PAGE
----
In the OnLoad event of timer.html, the startTimer() function is invoked. However, the timer argument is provided directly to startTimer(). The Web-Application must do a pop-up alert() that escapes the startTimer function's content without disturbing the JavaScript code. The argument value is sent straight to startTimer() without filtering. Therefore, you can try to shoehorn an alert() function with the startTimer() function into the onload event.

Payload: ');alert('Level 4 Complete

xss_demo_4

Level 5:

You can inspect the page source. The "Next" link's href attribute value is "confirm," which matches the "next" URL query string. Using the "next" query parameter, you may add Javascript code to the href property of the "Next" link. Finally, the script activates when the user clicks the link.

Payload: javascript:alert('Level 5 Complete')

xss_demo_5

Level 6:

The flaw is in the code that handles the value following the # tag. Line 45 takes the value following the # tag as the gadget name. In line 48, this value is supplied directly to the includeGadget() function.

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The includeGadget() function creates a <script> tag [line 18] and uses the URL (gadgetName) argument as src attribute of the script tag [line 28]. So you have total control over the HTML element of the script.

Payload: https://xss-game.appspot.com/level6/frame#data:application/javascript,alert('Level 6 complete')

xss_demo_6

Finally, you completed all six levels of our XSS challenge.

Conclusion

In this tutorial, you learned how cross-site scripting can prey on website vulnerabilities, its various categories, and some preventive measures that can help administrators protect their server software from being exploited. However, battling cross-site scripting is a single task in the ocean of skills an ethical hacker must master.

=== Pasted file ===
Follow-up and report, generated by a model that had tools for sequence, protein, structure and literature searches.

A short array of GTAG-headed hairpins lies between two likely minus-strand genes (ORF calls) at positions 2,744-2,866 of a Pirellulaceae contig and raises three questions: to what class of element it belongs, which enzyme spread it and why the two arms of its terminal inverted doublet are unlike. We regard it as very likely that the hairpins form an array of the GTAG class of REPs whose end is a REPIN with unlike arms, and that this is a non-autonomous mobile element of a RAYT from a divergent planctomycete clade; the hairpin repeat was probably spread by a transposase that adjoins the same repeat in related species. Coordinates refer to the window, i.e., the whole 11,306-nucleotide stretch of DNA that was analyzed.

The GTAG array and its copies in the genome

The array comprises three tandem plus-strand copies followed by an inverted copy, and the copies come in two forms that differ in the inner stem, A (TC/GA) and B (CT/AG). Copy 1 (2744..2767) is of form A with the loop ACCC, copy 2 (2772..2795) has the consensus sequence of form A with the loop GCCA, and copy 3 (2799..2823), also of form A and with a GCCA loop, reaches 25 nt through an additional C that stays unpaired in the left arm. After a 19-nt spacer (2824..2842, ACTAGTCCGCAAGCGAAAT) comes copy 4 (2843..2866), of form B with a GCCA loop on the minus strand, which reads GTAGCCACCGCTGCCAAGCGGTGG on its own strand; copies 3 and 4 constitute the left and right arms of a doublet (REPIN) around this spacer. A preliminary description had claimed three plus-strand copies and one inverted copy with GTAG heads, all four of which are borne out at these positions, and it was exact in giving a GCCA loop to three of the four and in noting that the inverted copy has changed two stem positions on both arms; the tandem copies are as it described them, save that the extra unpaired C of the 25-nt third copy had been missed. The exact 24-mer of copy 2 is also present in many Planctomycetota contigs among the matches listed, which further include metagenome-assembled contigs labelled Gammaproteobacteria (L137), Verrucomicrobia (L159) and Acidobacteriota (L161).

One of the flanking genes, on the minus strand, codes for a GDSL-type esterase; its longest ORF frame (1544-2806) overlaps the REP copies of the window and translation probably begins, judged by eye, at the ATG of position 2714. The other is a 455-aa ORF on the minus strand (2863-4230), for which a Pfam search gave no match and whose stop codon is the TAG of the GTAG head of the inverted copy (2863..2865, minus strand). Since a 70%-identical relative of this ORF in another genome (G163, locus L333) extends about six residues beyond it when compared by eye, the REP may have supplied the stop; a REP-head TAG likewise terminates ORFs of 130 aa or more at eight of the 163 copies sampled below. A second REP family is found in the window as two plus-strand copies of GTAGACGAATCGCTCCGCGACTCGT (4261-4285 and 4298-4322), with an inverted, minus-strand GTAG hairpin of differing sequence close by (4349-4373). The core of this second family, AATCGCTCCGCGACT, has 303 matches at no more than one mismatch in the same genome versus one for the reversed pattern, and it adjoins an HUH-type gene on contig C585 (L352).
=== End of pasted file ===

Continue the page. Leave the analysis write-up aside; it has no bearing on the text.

Simplilearn offers a Post Graduate Program in Cyber Security that covers all areas necessary to be learned by new and experienced ethical hackers alike. You covered topics like network sniffing, enumeration, and vulnerability analysis to prepare students for interviews and future corporate jobs. The IT industry is clamoring for competent cybersecurity personnel; therefore, now is the time to start learning about ethical hacking.

Do you have any questions about cross-site scripting attacks? Please leave your ideas and questions in the comment space below, and we will respond to them with solutions.

About the Author

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Simplilearn is one of the world’s leading providers of online training for Digital Marketing, Cloud Computing, Project Management, Data Science, IT, Software Development, and many other emerging technologies.